Tea is best when served piping hot and ladled into your mouth by a farmer’s wife who found you just lying out there in the cold and nursed you back to health. Enjoy your tea, you mysterious stranger, with this Groupon.
Choose from Four Options
- $30 for a tea service and tour of the Steampunk House for one (a $60 value)
- $56 for a tea service and tour of the Steampunk House for two (a $120 value)
- $99 for a four-hour tea-and-tour package with extended tea service and luncheon with seminar and house tour for one (a $250 value)
- $189 for a four-hour tea-and-tour package with extended tea service and luncheon with seminar and house tour for one (a $500 value)<p>
The tea service, which is modeled after Victorian-era low tea services common in aristocratic and wealthy homes, includes tea, light finger sandwiches such as cucumber sandwiches, and an array of light pastries. Tours of the Steampunk House, which are scheduled by appointment from mid June to mid August, explore the 1901-built mansion’s recent steampunk makeover. Exterior restorations include refinished doors and an outdoor fieldstone garden, while the interior now boasts cultured stone in the hearth area and period Tiffany-style lighting fixtures on the ceiling.
The seminar provides insight into the steampunk movement as a whole, and teaches guests how they can harness the combination of new and old, art and science, and form and function inherent to the style in their own homes and offices. Though the underground style is already influencing major design and fashion leaders, a recent analysis of half a million internet posts and news sources by IBM predicted that steampunk will soon become a widespread, mainstream design trend. <p>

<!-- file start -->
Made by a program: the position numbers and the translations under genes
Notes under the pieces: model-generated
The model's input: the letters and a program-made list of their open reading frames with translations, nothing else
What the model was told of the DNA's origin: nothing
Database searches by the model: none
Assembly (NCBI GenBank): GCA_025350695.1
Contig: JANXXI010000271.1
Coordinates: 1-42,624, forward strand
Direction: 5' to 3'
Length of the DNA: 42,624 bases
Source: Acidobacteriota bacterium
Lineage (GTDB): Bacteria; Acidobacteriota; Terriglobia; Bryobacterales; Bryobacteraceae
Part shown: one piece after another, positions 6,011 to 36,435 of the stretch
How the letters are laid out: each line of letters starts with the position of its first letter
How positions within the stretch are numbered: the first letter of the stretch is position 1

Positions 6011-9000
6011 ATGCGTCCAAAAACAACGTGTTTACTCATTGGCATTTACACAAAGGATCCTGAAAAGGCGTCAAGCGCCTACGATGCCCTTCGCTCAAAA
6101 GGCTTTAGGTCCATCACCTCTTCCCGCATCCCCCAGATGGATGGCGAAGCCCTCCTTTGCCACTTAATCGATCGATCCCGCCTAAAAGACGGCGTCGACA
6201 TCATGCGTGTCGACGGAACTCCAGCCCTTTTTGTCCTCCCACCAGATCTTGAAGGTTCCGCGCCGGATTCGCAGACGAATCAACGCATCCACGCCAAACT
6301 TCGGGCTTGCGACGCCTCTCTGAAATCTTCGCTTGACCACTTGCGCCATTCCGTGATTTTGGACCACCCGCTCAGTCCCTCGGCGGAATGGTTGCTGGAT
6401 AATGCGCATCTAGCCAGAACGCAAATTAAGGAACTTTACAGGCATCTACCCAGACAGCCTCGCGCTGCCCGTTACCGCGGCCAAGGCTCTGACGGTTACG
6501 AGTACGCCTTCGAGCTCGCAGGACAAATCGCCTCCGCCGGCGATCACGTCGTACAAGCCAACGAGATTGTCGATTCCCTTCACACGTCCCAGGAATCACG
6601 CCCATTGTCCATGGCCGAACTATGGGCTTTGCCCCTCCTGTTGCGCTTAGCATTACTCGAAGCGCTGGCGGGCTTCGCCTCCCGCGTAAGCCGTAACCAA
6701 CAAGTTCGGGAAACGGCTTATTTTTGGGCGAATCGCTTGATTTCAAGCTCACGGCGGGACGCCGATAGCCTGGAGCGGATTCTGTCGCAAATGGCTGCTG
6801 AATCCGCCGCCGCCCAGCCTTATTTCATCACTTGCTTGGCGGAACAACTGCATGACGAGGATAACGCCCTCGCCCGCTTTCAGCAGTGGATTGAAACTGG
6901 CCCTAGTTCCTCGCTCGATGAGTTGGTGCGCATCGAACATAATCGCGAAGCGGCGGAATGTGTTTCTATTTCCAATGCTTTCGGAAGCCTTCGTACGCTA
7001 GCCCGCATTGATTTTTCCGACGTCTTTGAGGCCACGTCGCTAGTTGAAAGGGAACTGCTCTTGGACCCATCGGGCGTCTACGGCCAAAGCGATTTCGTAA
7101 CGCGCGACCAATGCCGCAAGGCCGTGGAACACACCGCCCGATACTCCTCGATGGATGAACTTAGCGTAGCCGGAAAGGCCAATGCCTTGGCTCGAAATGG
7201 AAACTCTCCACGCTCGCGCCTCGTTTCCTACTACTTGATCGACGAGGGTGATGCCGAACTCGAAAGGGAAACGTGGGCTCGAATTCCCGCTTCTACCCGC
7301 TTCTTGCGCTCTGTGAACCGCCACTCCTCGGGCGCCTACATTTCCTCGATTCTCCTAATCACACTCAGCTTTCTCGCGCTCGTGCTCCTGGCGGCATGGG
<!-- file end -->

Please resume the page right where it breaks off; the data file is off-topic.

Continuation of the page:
Not long after moving into their 100-year-old Victorian home, Bruce and Melanie Rosenbaum realized the roof was leaking. That repair begat numerous others, and over the next 12 years the Rosenbaum's slowly revitalized their abode and discovered a passion for home restoration. In 2007 they founded ModVic—short for Modern Victorian Home Restoration—and assembled a team of collaborative carpenters, painters, electricians, and architects who share their dedication for upgrading Victorian dwellings.
Since then, the Rosenbaums have transformed from simple homeowners to steampunk virtuosi—Wired magazine once called Bruce a "steampunk evangelist"—and have been featured on media outlets ranging from NPR to The New York Times. The Rosenbaum's recent projects have fused Victorian style and modern technology more effectively than a horse-drawn SUV. Clients ranging from tattoo shops to patent lawyers call on their ingenuity to create one-of-a-kind, functional art that combines eras and ideas from salvaged pieces and modern technology. More than a fashion trend, the steampunk design process tells a story by reusing historical artifacts in new ways, thereby celebrating their place in history. ModVic frequently collaborates with artists to create steampunk-related art shows and events, and, as The Boston Globe reports, Bruce and Melanie are turning their home "into a steampunk showcase." Their abode's latest flourishes include a fridge re-cast to look like a Victorian cast iron and a working copper water filtration tank.